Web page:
DOI: 10.12809/hkmj134171
© Hong Kong Academy of Medicine. CC BY-NC-ND 4.0
Peritoneal implantation of ureter in cadaveric renal transplant
CF Tsang, MB, BS, MHKIBSC1; WK Ma, FRCS, FHKAM (Surgery)2; FK Cheung, FRCS, FHKAM (Surgery)1
1 Urology Division, Department of Surgery, Princess Margaret Hospital, Laichikok, Hong Kong
2 Urology Division, Department of Surgery, The University of Hong Kong, Queen Mary Hospital, Hong Kong
Corresponding author: Dr WK Ma (
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We report here a case of complication of peritoneal implantation of ureter in cadaveric renal transplant. The patient presented with anuria and delayed graft function. The diagnosis was suspected upon physical examination and radiological investigation. The complication was managed with reimplantation of the ureter into the bladder and the patient recovered with good graft function. We discuss this case, review the literature on this rare complication, and share our suggestions on how it can be prevented.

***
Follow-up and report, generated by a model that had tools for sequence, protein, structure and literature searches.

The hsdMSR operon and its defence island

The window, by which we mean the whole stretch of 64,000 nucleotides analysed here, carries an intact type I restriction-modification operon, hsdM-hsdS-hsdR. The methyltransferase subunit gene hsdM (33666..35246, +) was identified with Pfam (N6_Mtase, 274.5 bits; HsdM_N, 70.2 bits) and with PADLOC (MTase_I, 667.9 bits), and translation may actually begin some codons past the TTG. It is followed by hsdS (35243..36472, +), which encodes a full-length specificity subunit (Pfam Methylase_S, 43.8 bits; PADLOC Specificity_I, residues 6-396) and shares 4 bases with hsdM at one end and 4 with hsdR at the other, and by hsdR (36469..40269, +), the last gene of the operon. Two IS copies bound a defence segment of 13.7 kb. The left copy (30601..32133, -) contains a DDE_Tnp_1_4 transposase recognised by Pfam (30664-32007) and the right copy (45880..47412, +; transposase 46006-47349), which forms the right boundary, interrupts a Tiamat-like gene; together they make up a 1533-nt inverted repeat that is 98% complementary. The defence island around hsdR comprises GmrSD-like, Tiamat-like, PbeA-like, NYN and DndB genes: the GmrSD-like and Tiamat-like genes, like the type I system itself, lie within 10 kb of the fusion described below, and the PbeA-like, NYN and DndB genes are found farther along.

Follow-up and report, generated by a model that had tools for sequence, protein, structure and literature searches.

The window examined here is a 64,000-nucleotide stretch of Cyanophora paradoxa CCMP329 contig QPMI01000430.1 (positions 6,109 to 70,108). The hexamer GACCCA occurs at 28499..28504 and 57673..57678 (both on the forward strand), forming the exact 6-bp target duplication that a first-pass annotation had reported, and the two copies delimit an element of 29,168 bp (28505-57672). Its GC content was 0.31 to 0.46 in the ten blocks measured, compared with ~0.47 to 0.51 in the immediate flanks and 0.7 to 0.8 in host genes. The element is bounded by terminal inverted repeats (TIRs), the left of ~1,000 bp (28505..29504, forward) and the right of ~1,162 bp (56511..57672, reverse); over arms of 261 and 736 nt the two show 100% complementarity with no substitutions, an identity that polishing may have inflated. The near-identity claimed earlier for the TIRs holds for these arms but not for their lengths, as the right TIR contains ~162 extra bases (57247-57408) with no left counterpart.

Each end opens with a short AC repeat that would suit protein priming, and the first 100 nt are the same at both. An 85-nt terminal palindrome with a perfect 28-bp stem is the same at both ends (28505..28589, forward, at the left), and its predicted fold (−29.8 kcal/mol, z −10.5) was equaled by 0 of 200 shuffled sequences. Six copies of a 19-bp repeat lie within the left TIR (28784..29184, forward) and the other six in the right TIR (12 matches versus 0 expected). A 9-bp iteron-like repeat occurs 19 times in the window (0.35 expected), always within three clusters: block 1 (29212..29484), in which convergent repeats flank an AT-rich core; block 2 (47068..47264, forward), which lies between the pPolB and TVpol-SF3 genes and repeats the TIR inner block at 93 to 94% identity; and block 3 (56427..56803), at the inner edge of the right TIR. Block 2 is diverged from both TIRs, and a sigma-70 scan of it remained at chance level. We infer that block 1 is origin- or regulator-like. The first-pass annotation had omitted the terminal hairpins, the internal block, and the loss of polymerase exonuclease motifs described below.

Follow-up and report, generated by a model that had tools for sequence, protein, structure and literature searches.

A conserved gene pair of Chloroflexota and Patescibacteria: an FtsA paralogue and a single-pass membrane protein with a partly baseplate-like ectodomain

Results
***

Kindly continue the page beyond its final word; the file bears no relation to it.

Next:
Oliguria or anuria early after cadaveric renal transplant (CRT) is not uncommon and can be related to numerous causes. We report here a rare case of complication of ureteric implantation in the peritoneum in CRT causing anuria. Diagnosis was suspected early on day 1 after operation by clinical examination and abdominal X-ray (AXR), and confirmed with non-contrast computed tomography (CT) of the abdomen and pelvis. The complication was managed with immediate reimplantation of the ureter into the bladder and the patient had an uneventful recovery thereafter with good graft function. To our knowledge, this is the first reported case in Hong Kong and the fifth in the world. We believe the actual incidence is underreported and would like to share our suggestions on how to avoid this rare complication.
Case report
A 29-year-old man with Alport’s syndrome developed end-stage renal failure in 2009 and was started on intermittent peritoneal dialysis in 2011. His serum creatinine level and estimated glomerular filtration rate were 1458 µmol/L and 5.1 mL/min, respectively. In September 2013, he received CRT from a 60-year-old man with brain stem death due to haemorrhagic stroke. The donor’s serum creatinine was 88 µmol/L and there were no hypotensive episodes or inotrope infusion before organ harvesting.